Mount Saint Vincent has cared for children and their families since 1883. It was founded by the Sisters of Charity of Leavenworth, Kansas, as an orphanage, at one time housing nearly 300 children.
As social philosophy moved away from orphanages, foster care services were designed to provide a family home for each child. However, for some children, a residential facility was preferable if it had trained staff and could better address medical and behavioral needs than could be provided in a family home. Just as the Sisters stepped up to become a home for boys in 1909, they stepped up again in 1969, training their Sisters through advanced degrees in social work and hiring the best staff to care for children with severe emotional and behavioral challenges due to trauma, mental illness, abuse, or neglect.
As a result of the 2006 loss of Medicaid funding for the residential care for children with mental health issues, the dynamics of the child population at Mount Saint Vincent changed. Children with the most severe mental health challenges were referred to the residential program. The residential program was one step below a psychiatric hospital with more severe and complex diagnoses. Children with less severe challenges attended the day treatment program.
In 2009, Mount Saint Vincent took another big step by adopting the Neurosequential Model of Therapeutics (NMT), a developmentally sensitive approach to trauma treatment. This intuitive approach expands on innate human instincts and skills, including rhythmic and relational activities like rocking, soothing, and praising children. These actions are simple but have profound impacts on brain development. As the children begin to feel comfortable in a safe and stable environment, they can develop social skills and learn impulse control, eventually integrating back into society.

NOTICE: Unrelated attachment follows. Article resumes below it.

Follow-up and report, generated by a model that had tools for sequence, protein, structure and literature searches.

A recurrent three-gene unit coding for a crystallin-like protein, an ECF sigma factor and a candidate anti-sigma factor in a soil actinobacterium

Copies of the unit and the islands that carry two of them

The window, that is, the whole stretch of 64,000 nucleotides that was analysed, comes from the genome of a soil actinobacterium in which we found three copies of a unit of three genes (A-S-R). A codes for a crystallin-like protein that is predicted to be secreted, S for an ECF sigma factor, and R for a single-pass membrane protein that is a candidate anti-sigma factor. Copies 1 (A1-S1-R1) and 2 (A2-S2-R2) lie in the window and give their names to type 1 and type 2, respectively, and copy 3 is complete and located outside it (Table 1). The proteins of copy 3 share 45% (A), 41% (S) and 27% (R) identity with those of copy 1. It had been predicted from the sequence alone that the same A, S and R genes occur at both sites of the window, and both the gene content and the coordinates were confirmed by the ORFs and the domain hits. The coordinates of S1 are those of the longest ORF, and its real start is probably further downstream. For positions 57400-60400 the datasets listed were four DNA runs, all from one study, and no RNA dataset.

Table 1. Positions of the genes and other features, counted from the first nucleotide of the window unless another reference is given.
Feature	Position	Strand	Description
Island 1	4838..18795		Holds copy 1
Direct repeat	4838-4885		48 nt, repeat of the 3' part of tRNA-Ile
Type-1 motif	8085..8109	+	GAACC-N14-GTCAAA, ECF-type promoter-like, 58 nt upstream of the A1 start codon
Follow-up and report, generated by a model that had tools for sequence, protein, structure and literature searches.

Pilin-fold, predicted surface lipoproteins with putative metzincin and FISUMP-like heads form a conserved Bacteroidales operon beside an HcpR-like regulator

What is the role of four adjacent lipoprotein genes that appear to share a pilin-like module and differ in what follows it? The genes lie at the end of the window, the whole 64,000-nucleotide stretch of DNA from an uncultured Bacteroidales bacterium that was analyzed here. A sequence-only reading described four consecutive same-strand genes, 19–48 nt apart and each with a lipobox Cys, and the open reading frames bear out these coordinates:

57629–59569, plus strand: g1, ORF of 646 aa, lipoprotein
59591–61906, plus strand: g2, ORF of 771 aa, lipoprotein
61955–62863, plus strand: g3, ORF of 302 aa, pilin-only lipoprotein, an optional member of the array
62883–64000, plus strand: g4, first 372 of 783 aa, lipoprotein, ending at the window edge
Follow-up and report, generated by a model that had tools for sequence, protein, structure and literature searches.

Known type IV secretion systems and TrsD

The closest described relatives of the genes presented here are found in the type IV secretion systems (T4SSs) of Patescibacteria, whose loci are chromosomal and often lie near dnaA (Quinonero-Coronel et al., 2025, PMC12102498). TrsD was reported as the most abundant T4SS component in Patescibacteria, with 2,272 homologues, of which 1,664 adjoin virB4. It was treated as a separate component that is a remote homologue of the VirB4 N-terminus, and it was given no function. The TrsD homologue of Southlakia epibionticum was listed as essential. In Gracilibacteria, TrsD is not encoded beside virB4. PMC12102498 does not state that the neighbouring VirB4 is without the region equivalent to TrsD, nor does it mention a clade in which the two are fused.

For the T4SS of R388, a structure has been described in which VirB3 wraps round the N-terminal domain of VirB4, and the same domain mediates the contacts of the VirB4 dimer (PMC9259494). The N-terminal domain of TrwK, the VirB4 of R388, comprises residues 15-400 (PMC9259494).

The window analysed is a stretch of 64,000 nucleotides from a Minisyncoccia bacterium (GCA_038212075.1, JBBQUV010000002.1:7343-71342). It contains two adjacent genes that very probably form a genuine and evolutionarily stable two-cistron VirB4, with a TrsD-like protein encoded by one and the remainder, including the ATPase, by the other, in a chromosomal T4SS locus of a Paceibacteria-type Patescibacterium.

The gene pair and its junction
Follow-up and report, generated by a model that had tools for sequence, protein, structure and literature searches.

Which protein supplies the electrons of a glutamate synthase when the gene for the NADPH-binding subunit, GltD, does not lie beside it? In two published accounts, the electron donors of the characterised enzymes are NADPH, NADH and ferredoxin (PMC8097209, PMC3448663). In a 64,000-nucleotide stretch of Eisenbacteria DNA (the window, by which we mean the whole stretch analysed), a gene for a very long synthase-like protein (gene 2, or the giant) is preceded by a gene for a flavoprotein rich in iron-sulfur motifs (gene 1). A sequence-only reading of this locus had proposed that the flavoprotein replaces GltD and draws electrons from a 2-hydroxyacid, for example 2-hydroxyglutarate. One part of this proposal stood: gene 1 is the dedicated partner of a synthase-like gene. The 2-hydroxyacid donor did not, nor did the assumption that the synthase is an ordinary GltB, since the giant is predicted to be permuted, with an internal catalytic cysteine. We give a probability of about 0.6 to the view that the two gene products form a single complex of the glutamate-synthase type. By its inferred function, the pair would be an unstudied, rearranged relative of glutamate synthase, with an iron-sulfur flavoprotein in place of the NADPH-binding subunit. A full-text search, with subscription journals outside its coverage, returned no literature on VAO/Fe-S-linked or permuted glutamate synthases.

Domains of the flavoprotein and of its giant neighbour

The NMT model was developed by Dr. Bruce Perry, an international authority on children in crisis. He is the founder of The ChildTrauma Academy, a nonprofit organization working to improve the lives of high-risk children through direct service, research and education. The ChildTrauma Academy granted its Flagship status to Mount Saint Vincent in July of 2012, making it the fourth treatment facility in the world to earn the distinction.
In 2022, after an intensive evaluation of how best to support children and families in today's environment, the Mount Saint Vincent Board of Directors decided to discontinue its Residential Treatment Program.
The primary mission has always been, and remains, to help abused, neglected, and behavioral health-challenged children to function fully in their homes and society. National and state trends in youth service delivery have led to many challenges that make it difficult for Mount Saint Vincent and other similar programs in Colorado to provide residential treatment of the type and level it is used to delivering.
Mount Saint Vincent operates many programs outside of the residential program, including:
- Outpatient therapy
Individualized day treatment through a K-8 school setting addressing cognitive, social, and behavioral needs
Foster care training and services
Community education and training to develop trauma-informed skills
- Community early learning center serving the local Denver metro area